Circular: ESMA warns firms and investors about risks arising from payment for order flow and from certain practices by "zero-commission brokers"
The European Securities and Markets Authority (ESMA) has issued a statement to remind firms that the receipt of payment for order flow (PFOF) touches upon a number of key MiFID II obligations aimed at ensuring that they act in their clients' best interest when executing their orders. In light of the serious investor protection concerns raised by PFOF and the multiple requirements applying to it, it is in most cases unlikely that the receipt of PFOF by firms from third parties would be compatible with MiFID II and its delegated acts.
Investment protection concerns raised by PFOF
The receipt of PFOF from third parties by a firm executing client orders causes a clear conflict of interest between the firm and its clients because it incentivises the firm to choose the third party offering the highest payment, rather than the best possible outcome for its clients. For the execution of retail clients' orders, this best possible outcome is to be determined in terms of total consideration, representing the price of the financial instruments and the costs relating to execution. ESMA also reminds firms that PFOF received from third parties when executing client orders constitutes an inducement received from third parties in connection with the investment service provided to the client.
Firms must thus rigorously assess whether, by receiving PFOF, they are able to comply with relevant MiFID II requirements, most notably those on taking all sufficient steps to obtain the best possible result for their clients, on conflicts of interest and on inducements, as further detailed in the ESMA statement.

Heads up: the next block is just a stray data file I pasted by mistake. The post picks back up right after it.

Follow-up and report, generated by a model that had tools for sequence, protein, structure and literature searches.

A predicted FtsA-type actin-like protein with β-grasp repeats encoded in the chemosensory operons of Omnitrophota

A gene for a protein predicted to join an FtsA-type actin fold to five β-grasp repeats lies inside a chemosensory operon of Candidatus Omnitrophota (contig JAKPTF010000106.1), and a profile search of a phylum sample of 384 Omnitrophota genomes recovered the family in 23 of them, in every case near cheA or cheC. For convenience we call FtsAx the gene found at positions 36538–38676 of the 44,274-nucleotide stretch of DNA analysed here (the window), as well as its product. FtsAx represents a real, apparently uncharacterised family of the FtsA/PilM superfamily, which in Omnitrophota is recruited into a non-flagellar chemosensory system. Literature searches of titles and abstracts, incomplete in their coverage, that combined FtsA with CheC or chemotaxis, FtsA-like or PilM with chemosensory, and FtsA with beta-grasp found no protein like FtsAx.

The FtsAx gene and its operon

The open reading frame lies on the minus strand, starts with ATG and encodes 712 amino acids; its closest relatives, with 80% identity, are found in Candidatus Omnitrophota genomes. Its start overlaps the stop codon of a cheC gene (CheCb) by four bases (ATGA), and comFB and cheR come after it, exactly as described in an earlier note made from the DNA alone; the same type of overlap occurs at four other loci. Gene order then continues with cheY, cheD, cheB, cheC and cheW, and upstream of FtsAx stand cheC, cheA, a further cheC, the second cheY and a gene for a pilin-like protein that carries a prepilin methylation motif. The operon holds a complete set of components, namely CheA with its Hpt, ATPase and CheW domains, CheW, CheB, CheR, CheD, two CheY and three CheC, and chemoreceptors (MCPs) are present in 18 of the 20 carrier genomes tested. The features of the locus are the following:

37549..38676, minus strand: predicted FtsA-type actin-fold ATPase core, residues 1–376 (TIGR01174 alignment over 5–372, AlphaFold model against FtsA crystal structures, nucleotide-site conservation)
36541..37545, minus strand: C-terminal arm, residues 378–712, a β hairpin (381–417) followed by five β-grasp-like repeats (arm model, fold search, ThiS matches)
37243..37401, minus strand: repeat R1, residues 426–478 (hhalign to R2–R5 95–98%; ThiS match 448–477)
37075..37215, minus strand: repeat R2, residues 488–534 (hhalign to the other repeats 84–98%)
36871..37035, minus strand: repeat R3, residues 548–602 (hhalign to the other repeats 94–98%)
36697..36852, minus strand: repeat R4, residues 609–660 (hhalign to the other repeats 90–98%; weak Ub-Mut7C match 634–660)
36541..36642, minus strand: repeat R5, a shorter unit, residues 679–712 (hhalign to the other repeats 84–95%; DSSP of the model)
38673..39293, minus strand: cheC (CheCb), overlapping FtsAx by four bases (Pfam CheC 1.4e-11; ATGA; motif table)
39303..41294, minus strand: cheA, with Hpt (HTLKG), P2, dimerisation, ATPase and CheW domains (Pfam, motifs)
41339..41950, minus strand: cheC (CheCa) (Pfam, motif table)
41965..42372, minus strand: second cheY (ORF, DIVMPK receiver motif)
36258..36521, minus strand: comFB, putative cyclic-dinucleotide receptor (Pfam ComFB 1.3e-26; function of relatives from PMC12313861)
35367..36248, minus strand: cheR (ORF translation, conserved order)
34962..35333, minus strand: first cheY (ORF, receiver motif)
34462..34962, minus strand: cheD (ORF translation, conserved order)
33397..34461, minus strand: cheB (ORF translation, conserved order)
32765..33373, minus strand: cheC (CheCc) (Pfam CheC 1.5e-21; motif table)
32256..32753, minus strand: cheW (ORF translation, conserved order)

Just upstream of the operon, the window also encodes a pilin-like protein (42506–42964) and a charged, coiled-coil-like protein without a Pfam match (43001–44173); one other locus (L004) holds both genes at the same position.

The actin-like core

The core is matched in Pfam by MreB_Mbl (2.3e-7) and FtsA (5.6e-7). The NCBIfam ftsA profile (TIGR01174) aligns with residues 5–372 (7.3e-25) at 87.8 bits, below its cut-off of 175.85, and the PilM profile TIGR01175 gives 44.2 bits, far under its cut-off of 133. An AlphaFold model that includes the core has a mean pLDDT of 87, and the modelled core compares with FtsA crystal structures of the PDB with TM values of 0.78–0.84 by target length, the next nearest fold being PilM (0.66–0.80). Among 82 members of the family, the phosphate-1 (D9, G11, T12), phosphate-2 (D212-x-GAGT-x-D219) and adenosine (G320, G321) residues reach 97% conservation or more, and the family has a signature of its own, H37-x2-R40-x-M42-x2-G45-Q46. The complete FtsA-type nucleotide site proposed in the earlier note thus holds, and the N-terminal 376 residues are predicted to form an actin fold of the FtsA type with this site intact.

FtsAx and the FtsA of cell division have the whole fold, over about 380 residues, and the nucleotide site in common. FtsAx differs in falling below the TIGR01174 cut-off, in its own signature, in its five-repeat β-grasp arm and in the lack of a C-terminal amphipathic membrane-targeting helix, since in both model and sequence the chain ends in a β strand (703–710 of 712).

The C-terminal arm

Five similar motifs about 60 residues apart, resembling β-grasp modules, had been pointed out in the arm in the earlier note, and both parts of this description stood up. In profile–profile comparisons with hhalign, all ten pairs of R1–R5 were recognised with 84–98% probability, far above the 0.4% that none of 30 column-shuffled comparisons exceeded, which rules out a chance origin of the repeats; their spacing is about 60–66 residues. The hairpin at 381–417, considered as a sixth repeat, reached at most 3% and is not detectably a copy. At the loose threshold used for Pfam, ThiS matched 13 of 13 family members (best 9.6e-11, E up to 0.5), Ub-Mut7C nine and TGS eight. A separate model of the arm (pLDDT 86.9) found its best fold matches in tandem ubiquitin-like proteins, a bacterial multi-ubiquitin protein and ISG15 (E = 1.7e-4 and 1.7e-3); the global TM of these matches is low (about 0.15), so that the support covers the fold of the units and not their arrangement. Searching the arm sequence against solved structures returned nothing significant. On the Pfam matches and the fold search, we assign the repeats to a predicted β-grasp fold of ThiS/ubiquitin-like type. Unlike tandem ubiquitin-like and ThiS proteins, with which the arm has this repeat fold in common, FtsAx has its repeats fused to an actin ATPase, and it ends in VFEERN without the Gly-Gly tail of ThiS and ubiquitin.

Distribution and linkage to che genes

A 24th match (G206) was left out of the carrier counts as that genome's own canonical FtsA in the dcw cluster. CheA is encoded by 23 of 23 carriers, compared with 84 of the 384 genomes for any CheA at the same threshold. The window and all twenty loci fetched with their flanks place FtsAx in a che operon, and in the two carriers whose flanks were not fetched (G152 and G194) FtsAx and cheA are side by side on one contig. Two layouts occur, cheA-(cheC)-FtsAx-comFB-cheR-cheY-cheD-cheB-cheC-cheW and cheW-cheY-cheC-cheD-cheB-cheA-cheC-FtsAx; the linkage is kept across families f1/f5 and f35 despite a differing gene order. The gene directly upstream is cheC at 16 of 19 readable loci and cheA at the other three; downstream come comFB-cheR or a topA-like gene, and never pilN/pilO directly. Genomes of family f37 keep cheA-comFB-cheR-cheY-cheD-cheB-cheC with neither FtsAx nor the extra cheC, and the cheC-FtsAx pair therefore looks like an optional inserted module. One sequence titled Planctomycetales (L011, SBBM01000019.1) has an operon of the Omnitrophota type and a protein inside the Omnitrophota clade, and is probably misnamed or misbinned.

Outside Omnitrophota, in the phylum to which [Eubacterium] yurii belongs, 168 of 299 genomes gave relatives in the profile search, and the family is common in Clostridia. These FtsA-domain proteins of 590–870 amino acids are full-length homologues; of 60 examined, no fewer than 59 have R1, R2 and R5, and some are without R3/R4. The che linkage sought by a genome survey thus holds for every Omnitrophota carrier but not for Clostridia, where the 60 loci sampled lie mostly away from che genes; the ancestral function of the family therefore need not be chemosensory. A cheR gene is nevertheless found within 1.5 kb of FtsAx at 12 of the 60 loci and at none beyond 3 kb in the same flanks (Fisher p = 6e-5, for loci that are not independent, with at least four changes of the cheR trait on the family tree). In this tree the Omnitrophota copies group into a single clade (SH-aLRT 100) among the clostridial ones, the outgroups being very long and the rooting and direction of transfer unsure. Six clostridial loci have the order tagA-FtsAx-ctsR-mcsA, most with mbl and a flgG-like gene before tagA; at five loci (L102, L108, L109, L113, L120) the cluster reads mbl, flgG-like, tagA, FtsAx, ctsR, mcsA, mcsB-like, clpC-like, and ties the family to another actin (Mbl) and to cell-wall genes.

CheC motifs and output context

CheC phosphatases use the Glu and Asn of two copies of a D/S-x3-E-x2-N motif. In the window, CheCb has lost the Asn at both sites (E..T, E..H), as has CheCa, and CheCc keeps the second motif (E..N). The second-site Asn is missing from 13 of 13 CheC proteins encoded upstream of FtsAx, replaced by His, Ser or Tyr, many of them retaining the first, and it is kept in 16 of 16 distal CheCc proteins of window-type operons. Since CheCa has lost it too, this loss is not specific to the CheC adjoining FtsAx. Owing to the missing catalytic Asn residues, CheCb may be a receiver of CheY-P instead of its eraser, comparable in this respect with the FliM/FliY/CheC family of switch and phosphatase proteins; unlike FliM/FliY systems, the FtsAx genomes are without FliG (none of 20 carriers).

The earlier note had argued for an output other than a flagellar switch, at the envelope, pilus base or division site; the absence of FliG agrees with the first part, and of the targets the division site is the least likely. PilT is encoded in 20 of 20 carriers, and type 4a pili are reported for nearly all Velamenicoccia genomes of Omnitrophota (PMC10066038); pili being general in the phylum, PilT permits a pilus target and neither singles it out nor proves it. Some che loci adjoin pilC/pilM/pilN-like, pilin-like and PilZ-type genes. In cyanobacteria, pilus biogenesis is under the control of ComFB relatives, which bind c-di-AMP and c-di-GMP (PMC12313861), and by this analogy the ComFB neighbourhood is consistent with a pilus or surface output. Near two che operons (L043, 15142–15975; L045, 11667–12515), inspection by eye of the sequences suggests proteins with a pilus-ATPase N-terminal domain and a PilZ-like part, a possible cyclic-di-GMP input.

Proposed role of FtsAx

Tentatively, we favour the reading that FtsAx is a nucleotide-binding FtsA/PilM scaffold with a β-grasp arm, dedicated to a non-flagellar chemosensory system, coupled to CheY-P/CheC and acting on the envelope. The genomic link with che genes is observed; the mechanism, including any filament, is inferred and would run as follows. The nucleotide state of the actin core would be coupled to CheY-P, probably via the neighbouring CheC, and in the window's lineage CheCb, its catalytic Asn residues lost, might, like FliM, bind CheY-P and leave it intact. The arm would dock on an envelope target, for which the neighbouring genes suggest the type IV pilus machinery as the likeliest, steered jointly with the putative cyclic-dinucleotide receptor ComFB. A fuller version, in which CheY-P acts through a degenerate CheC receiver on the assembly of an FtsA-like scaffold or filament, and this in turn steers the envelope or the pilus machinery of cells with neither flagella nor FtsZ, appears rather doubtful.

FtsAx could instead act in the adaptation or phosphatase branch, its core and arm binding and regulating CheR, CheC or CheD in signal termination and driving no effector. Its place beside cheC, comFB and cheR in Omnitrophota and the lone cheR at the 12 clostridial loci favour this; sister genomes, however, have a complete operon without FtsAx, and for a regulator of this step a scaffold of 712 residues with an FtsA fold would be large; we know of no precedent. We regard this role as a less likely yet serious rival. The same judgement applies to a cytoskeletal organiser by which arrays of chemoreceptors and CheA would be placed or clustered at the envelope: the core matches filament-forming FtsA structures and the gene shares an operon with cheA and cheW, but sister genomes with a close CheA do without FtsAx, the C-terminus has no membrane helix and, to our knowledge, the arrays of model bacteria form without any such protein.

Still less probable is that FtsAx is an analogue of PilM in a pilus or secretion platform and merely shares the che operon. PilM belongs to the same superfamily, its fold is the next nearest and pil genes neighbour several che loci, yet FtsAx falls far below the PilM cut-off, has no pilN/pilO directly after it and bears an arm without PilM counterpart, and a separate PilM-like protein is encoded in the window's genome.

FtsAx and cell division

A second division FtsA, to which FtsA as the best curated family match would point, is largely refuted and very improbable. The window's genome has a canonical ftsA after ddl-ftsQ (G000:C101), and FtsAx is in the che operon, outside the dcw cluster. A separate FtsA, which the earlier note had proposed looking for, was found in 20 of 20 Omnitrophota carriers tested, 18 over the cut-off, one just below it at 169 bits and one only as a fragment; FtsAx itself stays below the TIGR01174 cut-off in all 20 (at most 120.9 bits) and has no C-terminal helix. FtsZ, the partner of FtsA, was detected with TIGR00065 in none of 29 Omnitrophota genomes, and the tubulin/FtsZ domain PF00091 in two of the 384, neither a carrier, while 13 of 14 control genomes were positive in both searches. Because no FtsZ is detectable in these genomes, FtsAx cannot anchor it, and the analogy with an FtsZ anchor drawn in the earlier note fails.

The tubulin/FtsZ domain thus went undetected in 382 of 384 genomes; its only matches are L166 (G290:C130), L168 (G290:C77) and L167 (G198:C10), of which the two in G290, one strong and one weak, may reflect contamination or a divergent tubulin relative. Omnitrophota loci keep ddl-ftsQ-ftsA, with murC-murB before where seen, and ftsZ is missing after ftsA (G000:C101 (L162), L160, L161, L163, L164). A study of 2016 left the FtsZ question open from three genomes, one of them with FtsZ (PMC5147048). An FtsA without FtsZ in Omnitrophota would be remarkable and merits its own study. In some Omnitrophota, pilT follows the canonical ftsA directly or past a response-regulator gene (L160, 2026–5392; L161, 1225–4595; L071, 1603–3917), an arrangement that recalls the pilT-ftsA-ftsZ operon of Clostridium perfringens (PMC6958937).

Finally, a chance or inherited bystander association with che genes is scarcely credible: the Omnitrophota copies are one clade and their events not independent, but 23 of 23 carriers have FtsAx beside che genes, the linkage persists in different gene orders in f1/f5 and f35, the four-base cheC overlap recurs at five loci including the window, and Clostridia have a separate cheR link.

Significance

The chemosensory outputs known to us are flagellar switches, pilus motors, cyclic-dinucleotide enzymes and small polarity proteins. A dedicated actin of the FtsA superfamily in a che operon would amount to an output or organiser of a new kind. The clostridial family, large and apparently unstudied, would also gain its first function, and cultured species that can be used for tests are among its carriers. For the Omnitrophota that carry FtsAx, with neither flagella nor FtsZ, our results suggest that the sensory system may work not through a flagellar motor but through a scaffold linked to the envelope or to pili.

Specific concerns regarding certain practices by 'zero-commission brokers'
ESMA has observed the existence in some EU Member States of some firms executing clients' orders and marketing their services as bearing no costs for investors. In fact, such firms charge no explicit commissions for the execution of client orders in certain or all financial instruments on offer. These firms (usually known as "zero-commission brokers") often receive PFOF from third parties, which may compensate for the lack of direct commissions charged to their clients. According to ESMA, it is important to take into account some investor protection risks, such as less transparency for the client and the potential to distort retail client's investment incentives. ESMA reminds "zero-commission brokers,, of the MiFID II requirement to provide fair, clear and not misleading information to their clients and to provide information on all costs and charges to the client relating to the service and the financial instrument(s). As clients of 'zero-commission' brokers, will always incur costs (e.g. implicit costs and third party payments received by the firm), ESMA emphasises that the marketing of the service as 'cost-free' in the circumstances described above, will infringe the firm1 s compliance with these requirements and it could incentivise retail inestors' gaming or speculative behaviour due to the incorrect perception that trading is free.
As clarified in the ESMA statement, firms receiving PFOF from third parties shall comply with the MiFID II inducements requirements, inter alia requiring PFOF to be designed to enhance the quality of the investment service to the client. On this aspect, ESMA issued a Q&A1 clarifying some basic principles, such as the need that the quality enhancement provided should go beyond aspects of the firm1 s organisation or services that are legally required or that can be considered as essential for its functioning.
The content of this circular and the ESMA statement applies to all financial brokers but it is mainly targeted to Online Brokers.